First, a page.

Theologizing in the internet era is a tricky business. We can and must do better.
by Father John Cox
Rule of Faith‘s managing editor addressed the faculty and students of Saint Tikhon’s Orthodox Theological Seminary on October 13, 2020.
Your Eminence, your Grace, Reverend Fathers, esteemed seminarians, brothers and sisters in Christ, I happen to know that Father John Parker, the dean of this institution, loves ice cream. In his honor, I have structured my talk accordingly. Did you ever eat an ice cream sundae? The kind with scoops of ice cream piled up, with whipped cream on top of that, and with a cherry on top of that? Imagine that someone came along and flicked the cherry off the top of your sundae. You might reasonably weigh the consequences of second-degree homicide against this shocking display of immorality. (more…)
by Father John Cox
Orthodoxy is no stranger to theological disagreement. Our most fundamental doctrinal affirmations emerge from the forge of heated debates about the person and nature(s) of Christ and the hypostasis (or lack thereof) of the Holy Spirit. Among the many larger than life figures that belong to the story of these events Ss. Athanasius and Maximus the Confessor loom particularly large, not only for the theological acumen of their contributions, but also because of the pathos of their lonely struggle for Orthodoxy in the face of overwhelming opposition. But for every critical doctrinal dispute, (more…)
The Parable of the Publican and the Pharisee has ever been a cornerstone of Orthodox spirituality. But as the Desert Fathers remind us, it has eschatological significance as well.
by Father Joseph Lucas
In Late Antique Christian monasticism, there existed an interplay between scriptural exegesis and the mystagogy of prayer. Reading the Bible through the lens of asceticism, the monks looked for keys to understanding their spiritual practices. There are numerous biblical passages that deal directly with prayer, such as Jesus’ directive to ‘go into your closet to pray,’ which is generally interpreted in ascetical literature as entering into the heart when praying. But other passages are more subtle, such as Luke 18: ‘The Parable of the Publican and the Pharisee.’ And yet this parable greatly influenced the way in which monks have understood prayer. (more…)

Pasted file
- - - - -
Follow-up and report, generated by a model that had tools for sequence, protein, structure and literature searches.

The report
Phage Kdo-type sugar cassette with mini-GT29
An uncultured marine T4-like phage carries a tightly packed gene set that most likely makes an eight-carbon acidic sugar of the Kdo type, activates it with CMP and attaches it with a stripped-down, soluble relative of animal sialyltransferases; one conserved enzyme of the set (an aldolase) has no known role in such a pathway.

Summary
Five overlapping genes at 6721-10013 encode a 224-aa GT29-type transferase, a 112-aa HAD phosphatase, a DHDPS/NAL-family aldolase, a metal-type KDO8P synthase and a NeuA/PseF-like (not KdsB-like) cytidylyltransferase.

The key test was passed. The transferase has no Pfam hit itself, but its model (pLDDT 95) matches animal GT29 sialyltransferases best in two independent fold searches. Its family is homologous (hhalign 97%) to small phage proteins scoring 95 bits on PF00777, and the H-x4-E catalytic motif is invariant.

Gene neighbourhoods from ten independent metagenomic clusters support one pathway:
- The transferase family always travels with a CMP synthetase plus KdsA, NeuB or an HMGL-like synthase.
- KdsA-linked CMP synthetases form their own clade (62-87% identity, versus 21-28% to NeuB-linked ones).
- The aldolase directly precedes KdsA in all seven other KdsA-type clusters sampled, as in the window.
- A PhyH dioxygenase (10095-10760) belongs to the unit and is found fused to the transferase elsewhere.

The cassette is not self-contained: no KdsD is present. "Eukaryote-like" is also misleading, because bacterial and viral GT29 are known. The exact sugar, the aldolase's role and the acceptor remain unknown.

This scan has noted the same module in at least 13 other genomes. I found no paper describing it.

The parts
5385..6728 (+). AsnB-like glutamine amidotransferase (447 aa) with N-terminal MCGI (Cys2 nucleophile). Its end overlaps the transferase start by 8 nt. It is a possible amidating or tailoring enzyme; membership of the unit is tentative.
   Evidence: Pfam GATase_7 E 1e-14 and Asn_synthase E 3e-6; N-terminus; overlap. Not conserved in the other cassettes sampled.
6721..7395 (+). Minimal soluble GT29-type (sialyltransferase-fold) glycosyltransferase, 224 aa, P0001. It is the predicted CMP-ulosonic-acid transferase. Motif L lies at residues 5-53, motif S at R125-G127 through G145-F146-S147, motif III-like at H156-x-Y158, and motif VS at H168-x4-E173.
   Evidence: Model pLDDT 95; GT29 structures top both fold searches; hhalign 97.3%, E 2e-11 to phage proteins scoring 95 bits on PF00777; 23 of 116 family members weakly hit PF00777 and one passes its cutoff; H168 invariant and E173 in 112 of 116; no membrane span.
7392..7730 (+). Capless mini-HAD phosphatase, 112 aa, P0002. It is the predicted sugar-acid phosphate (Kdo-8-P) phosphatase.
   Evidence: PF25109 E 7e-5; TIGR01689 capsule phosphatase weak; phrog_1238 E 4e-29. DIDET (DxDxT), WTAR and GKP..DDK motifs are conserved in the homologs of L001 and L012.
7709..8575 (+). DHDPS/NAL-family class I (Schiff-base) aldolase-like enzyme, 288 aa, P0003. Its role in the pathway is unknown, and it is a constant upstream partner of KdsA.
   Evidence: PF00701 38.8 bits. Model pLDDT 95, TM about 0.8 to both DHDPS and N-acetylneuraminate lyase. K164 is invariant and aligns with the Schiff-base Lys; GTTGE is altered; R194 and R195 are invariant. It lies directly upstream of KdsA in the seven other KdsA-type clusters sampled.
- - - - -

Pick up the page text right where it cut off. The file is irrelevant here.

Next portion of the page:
An influential current of Orthodox thought has subtly undermined the teaching that nature is good. In so doing, it has also called into question the naturalness of ascetic striving. The patristic witness calls us to reclaim and embrace both nature and ascesis.
by Father Chrysostom Koutloumousianos
Ascesis stands at the heart of spiritual life, a praxis both internal and external. Internal praxis is the struggle against the passions and the cultivation of virtues through prayer, study, and meditation. External praxis is the same struggle through bodily work, including vigil, fasting, abstinence, moderation, and works of love. Such training involves the human person in the cultivation of human nature, toward the goal of spiritual life. But what is the connection between person, nature (physis), and ascesis, and how are they related to the goal of spiritual life?
The doctrine of the Divine Energies is significant not only as an account of how God manifests Himself to man, but also as a basis for understanding His trinitarian life.
by Thomas Hamilton
The Palamite controversy began with the Trinity. According to Barlaam, the filioque was impermissible because of divine apophaticism: the human creature lacked the capacity to apprehend the divine nature. As such, the question of the Spirit’s procession could not be answered even in principle. St. Gregory Palamas, while agreeing that the filioque was impermissible, rejected Barlaam’s reasoning. The filioque was condemned precisely because God has made himself manifest and participable. In partaking of the uncreated energies, Palamas argued, the Church comes to know Father, Son, and Spirit, one God. It is (more…)